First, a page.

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Brazil Elections: A split wide open
October 30, 2014, 9:21 am

Over a grueling past three months, Brazil has seen the most divisive campaign and the toughest election since its democratization process in 1989. The campaign ended with the reelection of President Dilma Rouseff, from Partido dos Trabalhadores (Workers Party) with 51.64% of the votes and a mandate for leading the country for the next four years.

Although the margin that divided them was very slim- 54.5 million to Dilma Rousseff against 51.0 million votes to Aécio Neves – they had very different policy prescriptions, especially of reviving an ailing economy.

While both agreed on the need for social spending and economic growth to fight poverty, Neves accused Rousseff of not backing reforms needed to stimulate growth.

Aecio Neves, the opposition candidate from PSDB (Partido da Social Democracia Brasileira), flaunted his pro-business image during the campaign, he was concerned about pursuing the inflation target, allowing the Central Bank its independence in taking a hawkish stance on inflation, reducing fiscal deficit and, above all, respecting business contracts by not changing the rules during the game.

Little wonder then that Neves’ prospects restored the market’s confidence and was positioned as one that would attract investors, like his mentor, Fernando Henrique Cardoso, a former president, who led the country from 1994 to 2002 and played an important part in the recovery of economic stability in the country.

Supporters of the Brazil's President and candidate for Workers Party, Dilma Rousseff, react while waiting for her arrival at Raoyal Tulip Hotel, in Brasilia, Brazil, on Oct. 26, 2014 [Xinhua]

Supporters of the Brazilian President Dilma Rousseff, react while waiting for her arrival at Royal Tulip Hotel, in Brasilia, Brazil, on Oct. 26, 2014 [Xinhua]

Left-wing President Rousseff, the protégé of Luiz Inácio Lula da Silva – one of the most popular presidents in Brazilian history – has a more populist economic policy. By increasing social programs that aid the poorest of Brazilian society, controlling energy and fuel prices, putting downward pressure on interest rates (even when inflation rates were above its target), she had lost the market’s confidence and was blamed squarely for a poor economic performance.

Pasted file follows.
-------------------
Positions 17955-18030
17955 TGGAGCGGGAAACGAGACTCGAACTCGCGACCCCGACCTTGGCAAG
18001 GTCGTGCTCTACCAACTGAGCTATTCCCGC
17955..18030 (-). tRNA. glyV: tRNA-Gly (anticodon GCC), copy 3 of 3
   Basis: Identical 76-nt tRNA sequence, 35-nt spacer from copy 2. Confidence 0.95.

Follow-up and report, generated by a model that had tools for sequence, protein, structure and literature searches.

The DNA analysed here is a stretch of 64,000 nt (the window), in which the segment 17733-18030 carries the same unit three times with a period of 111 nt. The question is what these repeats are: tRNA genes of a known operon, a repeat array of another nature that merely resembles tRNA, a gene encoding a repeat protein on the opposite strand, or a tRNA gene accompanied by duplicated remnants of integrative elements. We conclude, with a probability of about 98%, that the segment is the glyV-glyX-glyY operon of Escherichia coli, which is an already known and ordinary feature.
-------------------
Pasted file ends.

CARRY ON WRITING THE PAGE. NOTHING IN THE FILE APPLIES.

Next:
After a summer of growing confidence, Rousseff suddenly confronted the possibility of a loss that would diminish her legacy and threaten her signature achievement, the social welfare programs.

The presidential debates sharply exposed these differences between their economic policies.

The election opinion polls reflected this divide among the voters in each state. A very good insight from this election, for example, is the chart showing where the candidates were winners.

The map below shows the states in which less than 25% of the population receive Bolsa Família – the most important social welfare program in the country – in blue, and the states in which more than 25% of the population receive Bolsa Família in red. Rousseff won handsomely in the states where this program had greater reach and implementation.

Infographic: TBP

Infographic: TBP



This correlation (not causality) should not raise alarms, at least in the short-term. Brazil’s economy will not irretrievably collapse due to anti-poverty programs. Brazil is a very unequal country, and it´s important to have welfare programs like the universally hailed Bolsa Familia to reduce inequality. (Roughly translated as “Family Allowance”, Bolsa Familia is an ambitious cash-transfer scheme, which alone has helped about a quarter of the country’s more than 190 million people.)

The problem, however, arises when governments aims to solely use this kind of public policy, while creating a “culture of dependency” to perpetuate themselves in power, such as in Venezuela and Argentina.

In her victory speech on Sunday, President Dilma Rousseff vowed to unite Brazilians (divided by the extremely heated debates, especially in social networks). Tracking the heat map of voter allegiances, we can see a divided country in the blue and red states.

In some social networks, such as Facebook, stray groups are organizing campaigns for Rousseff’s impeachment and separation of some states from the rest of the country.

This is a dangerous trend that rallies against the strengths of Brazilian democracy.

The President now faces an uphill challenge of restoring market confidence, which has been lost during her earlier term.

She needs to create millions of jobs, improve Brazil’s woeful infrastructure and schools, and harness its oil wealth without deviating substantially from the set social policies.

Rousseff must return, if not to the candidate that she was in 2010, then as a pragmatic leader hungry for four more years to pursue her agenda in Brasilia, with a careful mix of social welfare plans and market-friendly policies.

“I do not believe, from the bottom of my heart, that these elections have divided the country. I believe they mobilized ideas and emotions that are at times contradictory,” Rousseff said in her victory speech.

And Brazil is hoping its true.

The views expressed in this article are the author's own and do not necessarily reflect the publisher's editorial policy.

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